Saturday, November 15, 2008

Deceased--Carl D. Keith

Carl D. Keith
May 29th, 1920 to November 9th, 2008

"Carl D. Keith, a Father of the Catalytic Converter, Dies at 88"


Dennis Hevesi

November 15th, 2008

The New York Times

Carl D. Keith, a co-inventor of the three-way automotive catalytic converter — a major advance in eliminating the toxic tailpipe emissions that once blanketed cities in smog — died Sunday while visiting one of his daughters in New Bern, N.C. He was 88 and lived on Marco Island in Florida.

His grandson Leonard Hardesty Jr. confirmed the death.

Working with John J. Mooney and a team of other chemical engineers at the Engelhard Corporation, one of the world's largest mineral refining companies, Dr. Keith designed the three-way catalytic converter in the early 1970s, just as the stricter emission requirements of the Clean Air Act Extension of 1970 were coming into effect.

"Billions of people around the world breathe cleaner air because of this invention," Margo Oge, director of the Office of Transportation and Air Quality at the Environmental Protection Agency, said Friday.

The three-way converter was a significant improvement over what is called the oxidizing converter, the patent for which is held by General Motors. The three-way is now standard for cars and light trucks made in the United States and in most of the rest of the world.

Lindsay Brooke, a senior editor of Automotive Engineering International, the magazine of the Society of Automotive Engineers, said Thursday in an interview, "The catalytic converter, combined with the transition to unleaded gasoline, led to a dramatic improvement in air quality and enabled the auto industry to meet the Clean Air Act regulations."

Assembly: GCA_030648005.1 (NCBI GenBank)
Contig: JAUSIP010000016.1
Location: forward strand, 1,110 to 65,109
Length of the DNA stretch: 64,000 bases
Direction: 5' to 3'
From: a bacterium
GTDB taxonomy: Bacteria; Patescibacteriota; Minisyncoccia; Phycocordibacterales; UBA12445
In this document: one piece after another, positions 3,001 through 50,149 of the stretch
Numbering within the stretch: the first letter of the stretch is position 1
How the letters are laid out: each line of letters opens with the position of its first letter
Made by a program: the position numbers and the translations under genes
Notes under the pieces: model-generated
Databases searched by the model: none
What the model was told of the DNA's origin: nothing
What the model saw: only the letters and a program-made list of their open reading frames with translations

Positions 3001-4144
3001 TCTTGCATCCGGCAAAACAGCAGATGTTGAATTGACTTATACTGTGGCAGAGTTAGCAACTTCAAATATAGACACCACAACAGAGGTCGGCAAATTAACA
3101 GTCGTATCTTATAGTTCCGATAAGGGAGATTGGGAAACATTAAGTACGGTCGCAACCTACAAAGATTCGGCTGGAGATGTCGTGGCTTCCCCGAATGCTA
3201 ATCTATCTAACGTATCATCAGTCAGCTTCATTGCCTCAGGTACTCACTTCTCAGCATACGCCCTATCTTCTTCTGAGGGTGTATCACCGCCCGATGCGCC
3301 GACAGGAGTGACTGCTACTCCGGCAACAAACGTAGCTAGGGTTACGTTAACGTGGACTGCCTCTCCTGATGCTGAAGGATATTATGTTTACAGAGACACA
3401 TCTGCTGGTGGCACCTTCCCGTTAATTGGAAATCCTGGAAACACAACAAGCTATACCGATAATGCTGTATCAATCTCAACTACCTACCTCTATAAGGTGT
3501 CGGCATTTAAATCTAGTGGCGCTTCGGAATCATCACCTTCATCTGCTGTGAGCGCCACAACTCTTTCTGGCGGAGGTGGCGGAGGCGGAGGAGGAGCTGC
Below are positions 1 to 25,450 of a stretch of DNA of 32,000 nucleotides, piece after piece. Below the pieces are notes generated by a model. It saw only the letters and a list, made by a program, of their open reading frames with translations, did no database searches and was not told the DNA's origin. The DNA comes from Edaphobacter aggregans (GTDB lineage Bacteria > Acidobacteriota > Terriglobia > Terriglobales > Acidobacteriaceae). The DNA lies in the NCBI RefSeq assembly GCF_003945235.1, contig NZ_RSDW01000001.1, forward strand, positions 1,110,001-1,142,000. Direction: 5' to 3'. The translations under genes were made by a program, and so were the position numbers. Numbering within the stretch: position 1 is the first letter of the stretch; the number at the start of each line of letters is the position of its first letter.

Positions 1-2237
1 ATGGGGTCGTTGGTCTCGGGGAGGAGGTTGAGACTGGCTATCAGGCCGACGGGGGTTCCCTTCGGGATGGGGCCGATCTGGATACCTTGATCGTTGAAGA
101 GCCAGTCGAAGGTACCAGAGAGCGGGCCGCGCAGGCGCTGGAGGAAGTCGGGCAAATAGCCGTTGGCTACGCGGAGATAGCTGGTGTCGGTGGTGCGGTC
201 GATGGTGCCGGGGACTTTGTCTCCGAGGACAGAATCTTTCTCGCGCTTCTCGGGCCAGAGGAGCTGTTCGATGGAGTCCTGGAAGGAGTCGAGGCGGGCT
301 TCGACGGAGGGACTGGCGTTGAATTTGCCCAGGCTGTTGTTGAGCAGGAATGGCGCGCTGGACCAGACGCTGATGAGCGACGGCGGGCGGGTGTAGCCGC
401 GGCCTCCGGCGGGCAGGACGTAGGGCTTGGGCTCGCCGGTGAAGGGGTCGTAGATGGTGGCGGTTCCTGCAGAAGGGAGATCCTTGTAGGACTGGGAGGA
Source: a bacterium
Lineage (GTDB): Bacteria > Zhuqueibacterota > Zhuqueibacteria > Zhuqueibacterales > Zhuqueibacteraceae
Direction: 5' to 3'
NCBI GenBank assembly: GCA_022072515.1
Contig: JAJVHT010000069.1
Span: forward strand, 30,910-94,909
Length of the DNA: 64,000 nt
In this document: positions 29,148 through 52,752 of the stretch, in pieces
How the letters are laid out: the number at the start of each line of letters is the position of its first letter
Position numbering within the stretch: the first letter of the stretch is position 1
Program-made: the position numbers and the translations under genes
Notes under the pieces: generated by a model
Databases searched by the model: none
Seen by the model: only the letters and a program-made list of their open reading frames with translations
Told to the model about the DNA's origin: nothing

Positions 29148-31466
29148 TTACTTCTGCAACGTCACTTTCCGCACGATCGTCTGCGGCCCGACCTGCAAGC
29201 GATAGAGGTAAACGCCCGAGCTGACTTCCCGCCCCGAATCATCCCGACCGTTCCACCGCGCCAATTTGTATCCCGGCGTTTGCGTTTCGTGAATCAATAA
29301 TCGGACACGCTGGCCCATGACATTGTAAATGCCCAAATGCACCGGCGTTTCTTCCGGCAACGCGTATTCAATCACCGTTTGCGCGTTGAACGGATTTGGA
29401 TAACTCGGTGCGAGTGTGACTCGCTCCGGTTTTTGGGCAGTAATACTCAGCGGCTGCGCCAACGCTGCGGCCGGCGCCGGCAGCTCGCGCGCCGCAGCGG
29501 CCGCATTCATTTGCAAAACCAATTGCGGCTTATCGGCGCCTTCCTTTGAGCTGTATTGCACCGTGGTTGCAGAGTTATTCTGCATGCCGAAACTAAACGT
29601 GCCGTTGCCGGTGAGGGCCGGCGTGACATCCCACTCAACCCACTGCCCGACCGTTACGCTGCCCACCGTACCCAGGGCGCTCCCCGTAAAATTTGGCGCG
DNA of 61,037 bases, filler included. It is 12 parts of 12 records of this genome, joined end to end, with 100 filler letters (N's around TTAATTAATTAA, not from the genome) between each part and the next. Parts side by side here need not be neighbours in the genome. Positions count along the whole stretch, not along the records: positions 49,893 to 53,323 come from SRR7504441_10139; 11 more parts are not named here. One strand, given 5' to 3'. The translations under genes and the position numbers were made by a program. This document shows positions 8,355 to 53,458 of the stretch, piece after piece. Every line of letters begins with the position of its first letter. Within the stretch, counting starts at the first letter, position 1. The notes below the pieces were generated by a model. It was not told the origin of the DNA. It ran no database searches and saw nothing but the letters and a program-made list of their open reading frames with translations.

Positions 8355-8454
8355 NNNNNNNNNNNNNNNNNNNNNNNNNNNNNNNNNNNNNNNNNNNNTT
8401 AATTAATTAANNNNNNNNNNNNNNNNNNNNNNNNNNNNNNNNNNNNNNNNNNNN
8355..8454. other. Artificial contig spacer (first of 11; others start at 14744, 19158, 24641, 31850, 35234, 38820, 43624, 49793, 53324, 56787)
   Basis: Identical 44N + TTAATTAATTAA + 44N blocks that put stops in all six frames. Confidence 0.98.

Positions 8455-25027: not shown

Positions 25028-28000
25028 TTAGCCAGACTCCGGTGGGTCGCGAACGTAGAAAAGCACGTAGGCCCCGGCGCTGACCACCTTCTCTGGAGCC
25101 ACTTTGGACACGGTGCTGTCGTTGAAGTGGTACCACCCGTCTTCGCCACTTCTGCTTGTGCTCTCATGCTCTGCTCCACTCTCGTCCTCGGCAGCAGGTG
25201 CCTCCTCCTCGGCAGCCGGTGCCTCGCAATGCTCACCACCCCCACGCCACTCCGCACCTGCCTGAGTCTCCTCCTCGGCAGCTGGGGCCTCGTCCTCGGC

A catalytic converter is a can-shaped device installed beneath a vehicle as part of the exhaust pipe. Inside the converter, a bricklike ceramic honeycomb with hundreds of tiny passages is coated with a catalyst material, typically platinum or palladium. When the exhaust flows out of the engine and passes over and through the catalyst coating, a chemical reaction renders three toxic compounds harmless.

The oxidizing converter worked for two of those compounds, turning carbon monoxide into carbon dioxide and hydrocarbons into carbon dioxide and water. The three-way device designed by Dr. Keith and his colleagues added the conversion of nitrogen oxides into nitrogen and water, greatly reducing the emission of harmful particulates into the air.

According to an E.P.A. statement, today's cars are 98 percent cleaner in terms of nitrogen oxide emissions than those built in the 1970s, "and the three-way catalytic converter is the greatest contributor to that reduction."

David Doniger, the director of climate policy at the Natural Resources Defense Council, agreed, pointing out that "smog has gone down sharply, even as the number of cars and the size of the economy has more than doubled."

Carl Donald Keith was born in Stewart Creek, W.Va., on May 29, 1920, one of three sons of Howard and Mary Rawson Keith. His father was a steelworker, and his mother worked in a bakery.

Dr. Keith graduated from Salem College, in Winston-Salem, N.C., in 1943. He received a master's degree in chemistry from Indiana University in 1945, and a doctorate from DePaul University in 1947.

He was a chemist for Sinclair Oil from 1943 until 1957, and then joined Engelhard Industries. From 1976 to 1985, when he retired, he served as an executive vice president, president and then chairman of the company.

Dr. Keith's wife, the former Edith Birmingham, died in 2000. He is survived by two daughters, Judith Hardison of New Bern and Carla Hardesty of Randolph, N.J.; six grandchildren and eight great-grandchildren.

In 2002, President Bush presented Dr. Keith and Mr. Mooney with the National Medal of Technology, the nation's highest honor for technological innovation.

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